Things were getting rather unpleasant for the all-star Washington Capitals of late. Eight straight losses for Alex Ovechkin and Co had send them plummeting down the Eastern Conference table and had allowed the Atlanta Thrashers to take the top spot in the South-East division. However, last night's 3-2 win over the Ottawa Senators puts the Caps back on top even if they are only one point ahead of the Atlanta Thrashers and two points ahead of Tampa Bay, both of whom have played less games than Washington. It will come as a massive relief to both fans and players who, just like me, would never have expected such an impressive team to go on such a losing streak. This will make the battle for the South-East division title far more exciting than it has been in recent years but I still expect Washington to triumph after the 82 games. They won't succumb to another slide like that this season, a slide which could prove to have a silver lining.

Let me explain...

Last season Washington breezed to 121 points and the President's trophy. They didn't know what it was like to hit a bad patch. So, when things turned against them in the playoffs against Montreal, they couldn't react in the right way because they didn't know how to react, and were sent crashing out in the first round. However, this season they have experienced a rough patch. They tasted frustration and defeat for eight straight games. They know now that their team can be exposed, by anyone.

My theory is this...

This is a team that could arguably be more dangerous now than it was when it seemed invincible. Why? Because they are armed with a new experience. They are armed with the knowledge of how to overcome a rough patch. They know what changes they need to make to their game and they know what extra levels of effort must be reached to grind out a vital win and take momentum back. In short, they now know how to react to what happened to them last year in the play-offs and that could be very dangerous indeed.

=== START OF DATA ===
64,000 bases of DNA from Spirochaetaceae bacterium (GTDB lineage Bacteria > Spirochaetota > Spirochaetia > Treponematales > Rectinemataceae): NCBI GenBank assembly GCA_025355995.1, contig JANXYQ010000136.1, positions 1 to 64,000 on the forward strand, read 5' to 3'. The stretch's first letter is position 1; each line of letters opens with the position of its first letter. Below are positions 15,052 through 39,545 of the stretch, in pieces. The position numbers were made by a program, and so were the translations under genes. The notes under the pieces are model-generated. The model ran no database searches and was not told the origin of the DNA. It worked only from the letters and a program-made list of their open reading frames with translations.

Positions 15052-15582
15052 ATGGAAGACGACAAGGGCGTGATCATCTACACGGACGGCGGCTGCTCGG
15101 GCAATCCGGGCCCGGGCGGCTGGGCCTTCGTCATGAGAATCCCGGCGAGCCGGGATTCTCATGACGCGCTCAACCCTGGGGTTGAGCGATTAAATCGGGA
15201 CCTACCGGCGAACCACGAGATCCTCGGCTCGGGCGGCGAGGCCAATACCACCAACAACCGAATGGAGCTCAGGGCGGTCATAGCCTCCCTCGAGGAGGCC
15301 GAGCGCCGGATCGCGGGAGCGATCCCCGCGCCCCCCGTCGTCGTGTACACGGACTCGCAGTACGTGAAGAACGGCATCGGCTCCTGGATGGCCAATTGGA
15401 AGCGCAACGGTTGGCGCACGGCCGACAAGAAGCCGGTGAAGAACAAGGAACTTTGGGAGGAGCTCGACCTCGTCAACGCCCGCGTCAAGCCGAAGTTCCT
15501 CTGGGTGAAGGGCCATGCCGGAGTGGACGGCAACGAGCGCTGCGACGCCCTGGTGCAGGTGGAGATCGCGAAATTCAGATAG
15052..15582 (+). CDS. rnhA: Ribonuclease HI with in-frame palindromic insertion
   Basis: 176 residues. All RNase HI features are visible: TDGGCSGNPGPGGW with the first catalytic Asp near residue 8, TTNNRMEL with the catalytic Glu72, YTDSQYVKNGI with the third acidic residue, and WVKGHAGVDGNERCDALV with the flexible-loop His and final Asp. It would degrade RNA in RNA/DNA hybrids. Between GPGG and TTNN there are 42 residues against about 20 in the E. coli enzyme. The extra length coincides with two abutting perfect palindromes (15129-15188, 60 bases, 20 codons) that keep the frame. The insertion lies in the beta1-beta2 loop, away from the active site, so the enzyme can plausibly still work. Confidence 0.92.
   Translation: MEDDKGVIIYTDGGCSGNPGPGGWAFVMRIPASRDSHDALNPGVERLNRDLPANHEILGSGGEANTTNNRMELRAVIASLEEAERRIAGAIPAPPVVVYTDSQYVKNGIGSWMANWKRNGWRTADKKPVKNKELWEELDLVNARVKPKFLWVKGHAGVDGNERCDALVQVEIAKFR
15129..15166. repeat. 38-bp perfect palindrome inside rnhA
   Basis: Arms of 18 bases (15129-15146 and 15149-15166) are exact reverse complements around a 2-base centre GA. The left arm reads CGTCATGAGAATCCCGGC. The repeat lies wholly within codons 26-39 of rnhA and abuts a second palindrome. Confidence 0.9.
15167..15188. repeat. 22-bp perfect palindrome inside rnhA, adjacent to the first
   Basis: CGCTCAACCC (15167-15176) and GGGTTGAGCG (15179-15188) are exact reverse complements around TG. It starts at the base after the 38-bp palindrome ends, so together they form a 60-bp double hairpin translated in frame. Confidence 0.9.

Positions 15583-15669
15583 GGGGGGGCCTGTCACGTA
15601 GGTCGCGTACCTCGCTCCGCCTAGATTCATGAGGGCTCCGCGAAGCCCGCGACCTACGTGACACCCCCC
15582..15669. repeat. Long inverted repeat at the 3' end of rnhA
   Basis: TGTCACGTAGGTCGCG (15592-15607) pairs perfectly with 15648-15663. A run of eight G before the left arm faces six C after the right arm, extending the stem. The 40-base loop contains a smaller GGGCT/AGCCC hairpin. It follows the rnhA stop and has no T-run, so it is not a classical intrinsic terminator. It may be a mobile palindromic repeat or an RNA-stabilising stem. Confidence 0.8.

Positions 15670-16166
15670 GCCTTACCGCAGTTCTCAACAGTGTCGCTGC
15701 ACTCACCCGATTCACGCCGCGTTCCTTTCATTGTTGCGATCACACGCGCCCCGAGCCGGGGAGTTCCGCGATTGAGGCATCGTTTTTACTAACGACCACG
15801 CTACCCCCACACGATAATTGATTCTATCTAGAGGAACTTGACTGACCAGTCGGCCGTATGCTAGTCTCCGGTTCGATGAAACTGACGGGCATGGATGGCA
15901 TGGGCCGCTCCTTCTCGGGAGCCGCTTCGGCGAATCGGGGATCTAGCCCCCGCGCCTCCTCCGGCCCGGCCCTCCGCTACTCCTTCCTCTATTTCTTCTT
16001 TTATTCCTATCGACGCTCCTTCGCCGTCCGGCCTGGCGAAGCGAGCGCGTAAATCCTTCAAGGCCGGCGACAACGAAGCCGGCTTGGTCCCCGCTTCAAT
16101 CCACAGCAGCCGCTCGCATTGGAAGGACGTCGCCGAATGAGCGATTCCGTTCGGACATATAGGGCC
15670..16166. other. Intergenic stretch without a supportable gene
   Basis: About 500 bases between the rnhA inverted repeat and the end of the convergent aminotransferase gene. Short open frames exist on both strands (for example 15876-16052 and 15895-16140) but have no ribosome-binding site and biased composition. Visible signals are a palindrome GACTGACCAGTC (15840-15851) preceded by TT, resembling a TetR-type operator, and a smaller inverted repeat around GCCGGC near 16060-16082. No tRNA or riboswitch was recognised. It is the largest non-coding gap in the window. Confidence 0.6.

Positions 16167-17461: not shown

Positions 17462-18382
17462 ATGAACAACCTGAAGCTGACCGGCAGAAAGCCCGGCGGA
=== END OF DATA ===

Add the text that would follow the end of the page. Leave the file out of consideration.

Can Ovechkin lead the Caps to a Stanley Cup?

Saturday, 18 December 2010

Weather plays havoc!

Well, the weather has claimed even more of today's Premiership games. We have already had one game today that saw Sunderland run out 1-0 winners over Bolton. The only other game going ahead today is Blackburn v West Ham. Read my preview for that game below!

The Emirates stadium

Premiership Preview 18/12/10

Saturday's Games:

Liverpool v Fulham (Match called off)
Wigan v Aston Villa (Match called off)

The wintery weather has claimed two of today's games but the remaining four fixtures should provide plenty of entertainment.

Wenger needs a win today
Arsenal v Stoke is obviously the biggest of the games as Arsenal look to reclaim their spot at the top of the Premier League before Manchester United travel to Chelsea on Sunday. Arsenal, despite their ability and skill, always seem to struggle against big, physical sides like Stoke, Blackburn and Bolton. These teams close down the fragile Arsenal players as quickly as possible and put in hefty challenges when they can to disrupt the flowing football that is so crucial to the Gunners' success.

However, if Stoke don't play as hard and as fast as they can, Arsenal have the ability to cut them apart and turn this game into a drubbing. Arsenal have been painfully inconsistent this season but are miraculously still in the title race. I can't see them faltering today with such a big opportunity to go top once more. I reckon Arsenal will take this game by two or three goals. Whatever the result, it should be a very interesting affair as two contrasting teams clash at the Emirates stadium.

Newcastle and Sunderland will look to continue their impressive seasons with games against Birmingham and Bolton. Sunderland may find the going difficult against Bolton, who boast a ton of Premiership experience throughout their side. Led by the effective Kevin Davies, Bolton are currently sitting in 6th place, two points ahead of today's opponents. I fancy a draw here as both teams are full of running and effort and will probably cancel each other out. However, that superior experience may swing things Bolton's way.